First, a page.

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    Topic review

    Reporting Thyroid Cytology

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    Submitted by: Cristina Pizzimenti


    The Italian SIAPEC-AIT 2014 classification, the 2017 Bethesda System for Reporting Thyroid Cytology (TBSRTC), the 2016 UK Royal College of Pathologists (RCPath) thyroid reporting system, and the 2019 Japanese reporting system for thyroid aspiration cytology (JRSTAC2019) represent the most widely used reporting systems among clinicians and pathologists for the purpose of cytologically diagnosing, estimating the potential risk of malignancy (ROM), and defining the most appropriate treatment for a patient with a thyroid nodule. Although all the systems use overlapping diagnostic categories and morphologic criteria, they differ on the basis of the criteria for inclusion in the cytologic categories, which may, in turn, affect the ROM of a given category and the clinical management of the patient, particularly with regard to the “indeterminate” categories. 

    1. Introduction

    The diagnosis of thyroid nodules represents an important problem for clinicians and pathologists, especially regarding the diagnostic framing and the choice of the most appropriate treatment. More than 50% of the general population may have a thyroid nodule, detected by instrumental diagnostic methods such as ultrasonography, but only 5% of them present malignant characteristics and behavior [1][2][3].
    In addition to clinical and ultrasonographic examination, the study of thyroid nodules is performed by fine needle aspiration (FNA) or needle aspiration, a rapid, effective, safe, and cost-effective procedure. This technique allows, through fine needle aspiration under ultrasound guidance, to prepare cytological preparations and study the morphology of the cells of the lesion [4]. However, between 15% and 25% of lesions are cytologically indeterminate, i.e., they present a morphological picture that does not allow them to be identified with certainty as benign or malignant [3].
    In order to distinguish nodules to be sent for surgical treatment from those to be observed over time with clinical and ultrasonographic examinations, classifications (or reporting systems) based on cytological criteria have been drawn up.
    Among the reporting systems, the Italian SIAPeC-AIT classification, in its latest version updated in 2014/(CI14) and The Bethesda System for Reporting Thyroid Cytopathology, proposed in 2007 and updated in 2017 (TBSRTC) are among the most widely used in the world [5][6] together with the Guidance On The Reporting Of Thyroid Cytology Specimens from The UK Royal College Of Pathologists [7] and The Japanese reporting system for thyroid aspiration cytology [8].

    2. Italian 2014 and Bethesda 2017 Classifications: Common Issues

    Both reporting systems identify six categories, respectively, non-diagnostic, non-neoplastic/benign, indeterminate (two categories for each system), suspected of malignancy, and diagnostic for malignancy (Table 1). For each of these categories, a risk of malignancy (ROM) is also defined, i.e., the estimated risk that a lesion may be malignant on histologic examination, which represents the main difference between the two systems (see below).
    Table 1. Comparison between 2014 Italian SIAPEC-AIT classification, 2017 Bethesda and 2016 UK RCPath reporting system for thyroid cytology.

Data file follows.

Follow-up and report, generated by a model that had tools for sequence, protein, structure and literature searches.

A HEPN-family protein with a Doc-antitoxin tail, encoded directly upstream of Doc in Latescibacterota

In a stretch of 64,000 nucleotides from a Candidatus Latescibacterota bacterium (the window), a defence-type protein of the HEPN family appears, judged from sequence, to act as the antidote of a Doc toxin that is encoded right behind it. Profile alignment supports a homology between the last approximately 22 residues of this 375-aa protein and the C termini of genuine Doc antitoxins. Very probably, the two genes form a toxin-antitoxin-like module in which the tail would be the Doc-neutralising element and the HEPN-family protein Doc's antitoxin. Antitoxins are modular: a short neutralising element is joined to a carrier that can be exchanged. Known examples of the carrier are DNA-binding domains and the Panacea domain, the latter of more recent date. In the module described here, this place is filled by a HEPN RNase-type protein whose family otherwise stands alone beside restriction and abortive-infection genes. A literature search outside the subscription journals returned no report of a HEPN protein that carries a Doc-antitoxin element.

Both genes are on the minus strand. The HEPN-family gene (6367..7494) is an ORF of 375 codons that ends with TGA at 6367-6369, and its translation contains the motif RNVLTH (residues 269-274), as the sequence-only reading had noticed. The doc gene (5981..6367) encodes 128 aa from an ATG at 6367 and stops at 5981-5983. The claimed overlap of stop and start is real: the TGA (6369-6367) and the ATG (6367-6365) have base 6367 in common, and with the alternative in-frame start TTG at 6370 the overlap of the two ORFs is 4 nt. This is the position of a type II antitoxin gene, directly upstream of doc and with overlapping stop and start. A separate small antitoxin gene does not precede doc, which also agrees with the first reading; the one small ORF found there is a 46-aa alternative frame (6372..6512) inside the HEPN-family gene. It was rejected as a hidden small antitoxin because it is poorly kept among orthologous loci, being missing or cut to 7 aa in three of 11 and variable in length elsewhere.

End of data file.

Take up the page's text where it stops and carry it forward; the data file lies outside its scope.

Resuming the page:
2014 Italian SIAPEC-AIT Reporting System 2017 Bethesda Reporting System for Thyroid Cytology 2016 UK Royal College of Pathologists System
    TIR 1 Non-diagnostic
    TIR 1C Non-diagnostic—cystic
    I. Non-diagnostic Thy1: Non-diagnostic
    Thy1c: Non-diagnostic—cystic
    TIR 2 Benign II. Benign Thy2: Non neoplastic
    Thy2c: Non neoplastic—cystic
    TIR 3A Low-risk indeterminate lesion III. Atypia of undetermined significance (AUS)/follicular lesion of undetermined significance (FLUS) Thy3a: Neoplastic possible, atypia/non diagnostic
    TIR 3B High-risk indeterminate lesion (oncocytic lesions included) IV. Follicular neoplasm or suspicious for a follicular neoplasm (FN/SFN) (oncocytic lesion FNHCT/SFNHCT included) Thy3f: Neoplastic possible, suggesting follicular neoplasm
    TIR 4 Suspicious of malignancy V. Suspicious of malignancy Thy4: Suspicious of malignancy
    TIR 5 Malignant VI. Malignant Thy5: Malignant
    The SIAPEC-AIT and the Bethesda system use overlapping morphological criteria such as the degree of cellular atypia and architectural atypia to determine the correct inclusion of thyroid nodules in the various categories, especially for nodules with indeterminate features.
    Architectural atypia is defined by the amount of microfollicles in the cytologic preparation while cytologic atypia consists in the identification of irregularities of the follicular cell nuclei (elongation, clarification, nuclear grooves).
    The probability that a nodule presenting cytologic atypia may be malignant appears to be higher in the literature than that of a nodule presenting only architectural atypia: in some works, cytologic atypia indicates 50% of the ROM compared with 24% of architectural atypia [9], while in others this difference is even higher (33.3% versus 7.7%) [10].
    In both systems the risk of malignancy for benign nodules is very low (less than 3% in both systems) [6][11] and for those suspected to be malignant (79–89%) [11][12] and malignant (more than 97%) [11][12], the risk is significantly high, and this finding is of fundamental importance to determine the therapeutic strategy (i.e., follow-up in the former and surgery in the latter). For indeterminate lesions, the estimated ROM is variable between the two systems, but an estimated risk of malignancy greater than 15% for indeterminate categories that are candidates for clinical and ultrasonographic follow-up (TIR 3A in CI14 and AUS/FLUS in TBSRTC) may create management problems for the clinician and the patient. In the Italian classification, the low-risk category (TIR 3A) has an expected ROM between 12 and 22% [13], whereas the high-risk category (TIR 3B) has an expected ROM between 40 and 55% [13]. In contrast to the 2008 TBSRTC, in which the ROMs were similar to those of the 2014 Italian classification, those of the 2017 edition are higher. In fact, AUS/FLUS results in a ROM estimated between 10 and 30% and the FN/SFN category is in a range between 25 and 40% [11], creating doubts regarding the choice of patient management between conservative therapy (expected for AUS/FLUS lesions) and surgical therapy (expected for FN/SFN lesions).